Actors believe their job is to tell the stories of all humans, but why are white actors continually over-represented on stage? A study by Actor’s Equity (AEA), the national labor union representing professional stage actors and stage managers, found that diversity and inclusion are a problem in Broadway and production tours. Over three years, 77% of stage management contracts went to white AEA members, and only six contracts went to Black AEA members. Black stage managers who were women were paid 6% less than their white and Black male colleagues. White actors make up the majority of all onstage contracts-65% in plays and 67% in musicals. White actors receive higher pay in their contractual salaries, while Black actors report salaries 10% lower than the average principal in a play. Perhaps, these casting disparities are further driven by the fact that 79% of plays are written by white writers, and 85.5% of shows are directed by white directors. It seems racism corrodes the actor’s chances from the start when they attempt to submit for work on casting call sites like Actor’s Access. Color-coded language is foundational in the acting industry to restrict choice for non-white actors and to maintain its preference for white actors.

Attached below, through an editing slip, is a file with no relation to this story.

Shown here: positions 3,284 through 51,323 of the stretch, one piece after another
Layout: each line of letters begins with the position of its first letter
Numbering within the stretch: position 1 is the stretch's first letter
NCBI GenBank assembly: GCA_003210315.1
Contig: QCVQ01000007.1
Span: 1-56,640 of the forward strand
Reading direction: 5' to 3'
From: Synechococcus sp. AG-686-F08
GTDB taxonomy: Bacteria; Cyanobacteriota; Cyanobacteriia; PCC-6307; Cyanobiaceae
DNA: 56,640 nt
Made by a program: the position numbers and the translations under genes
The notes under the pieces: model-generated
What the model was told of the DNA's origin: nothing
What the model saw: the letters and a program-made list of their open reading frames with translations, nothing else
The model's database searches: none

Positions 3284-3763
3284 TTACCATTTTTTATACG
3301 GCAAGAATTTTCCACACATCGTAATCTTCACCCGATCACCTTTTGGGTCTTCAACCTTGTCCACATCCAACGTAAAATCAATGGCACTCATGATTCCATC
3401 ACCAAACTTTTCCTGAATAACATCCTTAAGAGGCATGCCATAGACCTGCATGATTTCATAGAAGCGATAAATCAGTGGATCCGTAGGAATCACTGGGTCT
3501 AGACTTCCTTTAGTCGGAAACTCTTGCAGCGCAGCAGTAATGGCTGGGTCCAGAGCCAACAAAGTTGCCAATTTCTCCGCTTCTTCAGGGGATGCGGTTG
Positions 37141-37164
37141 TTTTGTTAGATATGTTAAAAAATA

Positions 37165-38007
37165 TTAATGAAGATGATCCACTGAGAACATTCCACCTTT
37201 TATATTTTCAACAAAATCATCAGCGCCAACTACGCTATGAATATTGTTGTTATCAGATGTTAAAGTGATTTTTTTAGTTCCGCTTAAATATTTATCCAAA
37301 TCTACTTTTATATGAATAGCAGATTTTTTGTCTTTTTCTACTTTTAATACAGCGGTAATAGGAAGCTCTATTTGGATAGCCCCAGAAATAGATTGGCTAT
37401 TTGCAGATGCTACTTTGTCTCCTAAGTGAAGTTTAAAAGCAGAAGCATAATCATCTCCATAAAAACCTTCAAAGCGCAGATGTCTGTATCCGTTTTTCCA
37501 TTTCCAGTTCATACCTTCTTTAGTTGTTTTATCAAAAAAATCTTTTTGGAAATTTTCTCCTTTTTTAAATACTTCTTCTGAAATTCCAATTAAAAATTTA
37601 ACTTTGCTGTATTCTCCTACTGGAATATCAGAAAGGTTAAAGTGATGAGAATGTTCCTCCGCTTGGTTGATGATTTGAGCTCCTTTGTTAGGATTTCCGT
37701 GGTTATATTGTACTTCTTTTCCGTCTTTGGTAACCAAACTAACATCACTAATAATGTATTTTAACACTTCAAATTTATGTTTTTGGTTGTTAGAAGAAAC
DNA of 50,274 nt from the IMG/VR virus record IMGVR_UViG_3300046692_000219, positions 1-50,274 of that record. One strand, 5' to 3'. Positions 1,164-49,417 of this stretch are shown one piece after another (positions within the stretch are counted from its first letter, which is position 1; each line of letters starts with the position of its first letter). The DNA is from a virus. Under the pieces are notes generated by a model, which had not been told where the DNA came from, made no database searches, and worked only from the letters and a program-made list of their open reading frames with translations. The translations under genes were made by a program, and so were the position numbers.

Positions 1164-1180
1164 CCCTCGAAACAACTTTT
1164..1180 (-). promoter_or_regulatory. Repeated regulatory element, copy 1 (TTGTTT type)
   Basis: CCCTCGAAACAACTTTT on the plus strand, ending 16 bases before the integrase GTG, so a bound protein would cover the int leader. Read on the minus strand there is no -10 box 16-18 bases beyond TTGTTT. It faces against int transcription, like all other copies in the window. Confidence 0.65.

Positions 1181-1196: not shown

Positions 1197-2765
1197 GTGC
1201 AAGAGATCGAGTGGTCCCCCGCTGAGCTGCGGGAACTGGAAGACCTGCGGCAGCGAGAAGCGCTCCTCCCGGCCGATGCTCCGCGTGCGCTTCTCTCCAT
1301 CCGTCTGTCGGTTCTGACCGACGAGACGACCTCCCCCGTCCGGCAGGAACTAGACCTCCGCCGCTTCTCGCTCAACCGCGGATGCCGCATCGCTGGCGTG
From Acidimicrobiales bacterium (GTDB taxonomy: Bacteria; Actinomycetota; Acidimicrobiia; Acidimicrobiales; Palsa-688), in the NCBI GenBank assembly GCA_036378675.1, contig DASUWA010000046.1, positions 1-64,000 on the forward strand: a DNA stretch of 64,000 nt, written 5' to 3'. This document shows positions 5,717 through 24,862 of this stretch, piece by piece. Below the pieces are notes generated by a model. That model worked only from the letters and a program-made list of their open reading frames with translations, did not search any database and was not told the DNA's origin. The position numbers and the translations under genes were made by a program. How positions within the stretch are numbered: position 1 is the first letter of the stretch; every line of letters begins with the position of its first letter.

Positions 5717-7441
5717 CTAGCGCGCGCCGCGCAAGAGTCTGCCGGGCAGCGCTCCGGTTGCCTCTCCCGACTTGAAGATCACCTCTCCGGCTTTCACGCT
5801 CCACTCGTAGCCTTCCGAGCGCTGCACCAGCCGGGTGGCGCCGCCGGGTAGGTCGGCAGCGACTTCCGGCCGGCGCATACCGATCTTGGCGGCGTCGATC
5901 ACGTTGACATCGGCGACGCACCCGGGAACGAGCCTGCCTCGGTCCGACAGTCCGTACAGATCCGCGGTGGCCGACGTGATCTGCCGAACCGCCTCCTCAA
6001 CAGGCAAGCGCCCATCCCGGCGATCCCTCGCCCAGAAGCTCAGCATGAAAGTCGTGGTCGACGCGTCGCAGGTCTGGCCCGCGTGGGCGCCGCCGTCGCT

Ethnicity serves as the first filter when an actor is choosing parts for which to audition. Actor’s Access is an online portal where talent agents, managers, and actors submit headshots and resumes for auditions and casting calls. From a drop-down list, one must choose “all that apply” to their ethnic identity before receiving character descriptions filtered to match them. In my own Actor’s Access profile, blue check marks appear next to “white,” “Hispanic,” and “Mediterranean” under the header: Ethnic Appearance. The number of castings an actor receives each day are based on these blue checkmarks. According to old emails, I received 18 notifications in one day for casting calls, of which the majority wrote “open to all ethnicities.” Some wrote “Hispanic-looking (light-complected),” “blond and blue-eyed Scandinavian,” “brunette or dark-haired,” and “Jewish woman.” I would then choose headshots to submit for each project that I felt highlighted these ethnic or appearance-specific descriptions.